Memorial Day is one of America’s most confusing holidays. Depending on the celebrant, it can be a day of grief, glory — or backyard barbecues. To understand America’s "most confusing holiday," you’ve got to ponder why we get the day off in the first place.
Decoration Day, as it was once known, arose after the Civil War as a way to grieve for the 750,000 soldiers who had perished over four bloody years. This practice first received sanction in 1868 from General John Alexander Logan, the head of a large fraternal organization of Union veterans, as a moment for “decorating the graves of comrades who died in defense of their country during the late rebellion.” Southerners didn’t take too kindly to this effort, but by 1890 all Northern states had recognized the holiday.
This emphasis on the Northern dead wasn’t just about sectional spite. The United States, lacking the traditional building blocks of other nations (such as centuries of shared history or ancient blood ties), had had a difficult time forging a unifying national culture. The ultimate sacrifice made by hundreds of thousands of men to preserve the Union offered proof that America was more than a mere idea.
“Before the War our patriotism was a firework, a salute, a serenade for holidays and summer evenings,” wrote Ralph Waldo Emerson in 1864. “Now the deaths of thousands and the determination of millions of men and women show that it is real.”
James Russell Lowell, the first editor of The Atlantic Monthly, wrote in 1869: “Till after our Civil War, it never seemed to enter the head of any foreigner, especially of any Englishman, that an American had what could be called a country, except as a place to eat, sleep, and trade in. Then it seemed to strike them suddenly. ‘By Jove, you know, fellahs don’t fight like that for a shop-till!’”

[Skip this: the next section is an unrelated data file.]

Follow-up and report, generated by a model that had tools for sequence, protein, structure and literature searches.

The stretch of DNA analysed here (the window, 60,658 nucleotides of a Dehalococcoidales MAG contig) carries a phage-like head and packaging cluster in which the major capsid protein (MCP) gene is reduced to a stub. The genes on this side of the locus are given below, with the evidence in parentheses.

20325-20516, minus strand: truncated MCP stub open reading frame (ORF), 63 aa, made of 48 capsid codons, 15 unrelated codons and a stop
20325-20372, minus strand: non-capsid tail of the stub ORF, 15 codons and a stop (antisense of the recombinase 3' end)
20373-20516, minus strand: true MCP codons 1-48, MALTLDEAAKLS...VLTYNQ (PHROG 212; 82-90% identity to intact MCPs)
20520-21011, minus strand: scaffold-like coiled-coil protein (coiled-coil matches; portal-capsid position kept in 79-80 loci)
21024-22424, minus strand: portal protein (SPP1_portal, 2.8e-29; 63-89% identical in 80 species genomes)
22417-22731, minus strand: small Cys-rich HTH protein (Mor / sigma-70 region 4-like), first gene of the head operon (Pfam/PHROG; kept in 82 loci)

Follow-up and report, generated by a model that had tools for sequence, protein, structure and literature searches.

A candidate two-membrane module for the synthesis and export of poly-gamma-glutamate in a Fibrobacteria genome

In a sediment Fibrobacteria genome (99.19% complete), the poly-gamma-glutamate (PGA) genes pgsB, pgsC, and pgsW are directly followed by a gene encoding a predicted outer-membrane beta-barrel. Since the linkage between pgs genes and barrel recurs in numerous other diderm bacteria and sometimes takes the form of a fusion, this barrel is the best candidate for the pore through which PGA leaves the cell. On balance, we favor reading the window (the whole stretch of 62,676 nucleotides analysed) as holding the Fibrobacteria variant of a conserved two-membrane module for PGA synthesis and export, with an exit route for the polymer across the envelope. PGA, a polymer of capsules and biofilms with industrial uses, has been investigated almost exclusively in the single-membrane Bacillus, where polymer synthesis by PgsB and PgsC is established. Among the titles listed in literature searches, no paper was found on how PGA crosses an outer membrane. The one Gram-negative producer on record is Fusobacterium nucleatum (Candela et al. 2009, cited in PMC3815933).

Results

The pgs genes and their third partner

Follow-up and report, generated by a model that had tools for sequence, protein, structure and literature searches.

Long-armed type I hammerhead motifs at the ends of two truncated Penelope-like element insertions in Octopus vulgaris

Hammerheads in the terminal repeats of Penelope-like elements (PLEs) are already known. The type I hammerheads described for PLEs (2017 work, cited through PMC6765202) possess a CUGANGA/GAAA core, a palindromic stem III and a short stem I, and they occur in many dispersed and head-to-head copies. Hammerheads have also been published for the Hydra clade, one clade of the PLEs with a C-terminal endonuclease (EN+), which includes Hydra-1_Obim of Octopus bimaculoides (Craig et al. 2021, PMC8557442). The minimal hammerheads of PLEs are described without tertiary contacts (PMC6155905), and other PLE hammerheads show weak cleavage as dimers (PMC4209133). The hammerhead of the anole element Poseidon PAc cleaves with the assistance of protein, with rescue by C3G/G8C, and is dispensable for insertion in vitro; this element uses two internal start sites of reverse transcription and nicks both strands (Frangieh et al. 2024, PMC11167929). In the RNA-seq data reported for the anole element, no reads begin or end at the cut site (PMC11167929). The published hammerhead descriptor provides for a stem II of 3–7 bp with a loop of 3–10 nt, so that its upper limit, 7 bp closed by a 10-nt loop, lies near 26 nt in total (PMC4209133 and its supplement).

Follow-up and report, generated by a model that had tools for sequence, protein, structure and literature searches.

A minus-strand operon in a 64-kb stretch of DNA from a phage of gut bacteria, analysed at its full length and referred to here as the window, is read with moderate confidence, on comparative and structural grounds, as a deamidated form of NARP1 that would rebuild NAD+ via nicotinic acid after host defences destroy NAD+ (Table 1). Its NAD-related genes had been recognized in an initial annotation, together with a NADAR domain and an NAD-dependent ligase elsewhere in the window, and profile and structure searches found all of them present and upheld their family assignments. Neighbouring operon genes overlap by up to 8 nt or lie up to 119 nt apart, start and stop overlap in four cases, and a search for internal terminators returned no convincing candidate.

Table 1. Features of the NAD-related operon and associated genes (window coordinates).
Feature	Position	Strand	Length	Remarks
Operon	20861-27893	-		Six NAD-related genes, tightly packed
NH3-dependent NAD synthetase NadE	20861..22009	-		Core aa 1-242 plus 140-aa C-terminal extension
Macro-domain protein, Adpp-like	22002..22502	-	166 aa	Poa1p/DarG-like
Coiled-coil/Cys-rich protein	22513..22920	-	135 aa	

The holiday overcame sectional tensions around World War I, when Southerners rejoined the fold and the day was expanded to honor Americans who died fighting in any U.S. war. Commemorating the fallen is one way that governments rebuild the morale of nations that have suffered great loss.
But memorials are tricky because the needs of the state, bereaved families and surviving veterans do not always coincide. In his book Remaking America: Public Memory, Commemoration, and Patriotism in the Twentieth Century, Indiana University historian John Bodnar describes the controversy over the Vietnam Veterans Memorial – between national leaders and patriotic citizens who wanted a grand monument to foster national unity and patriotism, and Vietnam veterans and bereaved families who wanted an expression of empathy for those who suffered and died. In the end, the memorial — with the names of the fallen etched into black granite walls — wound up symbolizing, in Bodnar’s words, “the human pain and sorrow of war rather than the valor and glory of warriors and nations.”
The annual Memorial Day holiday doesn’t elicit the same depth of emotional intensity as the planning of a national war memorial. But it has divided the public in another way: between those who chose to observe the holiday and those who saw it as a chance for leisure time. It’s likely that the latter group has always been larger than the former, suggest the historians Richard P. Harmond and Thomas J. Curran. And that gap is probably growing wider.
Rather than harangue about some presumed decline of patriotism in America, I’d suggest backyard barbecues are also fundamental to Memorial Day’s building of national morale. Yes, it is critical to remember the fallen. But, as the 19th-century French scholar Ernest Renan argued, forgetting past horrors is “an essential factor in the creation of a nation.” That, my fellow Americans, is where the hot dogs come in.
Gregory Rodriguez is founder and publisher of Zocalo Public Square, a project of the Center for Social Cohesion at Arizona State University.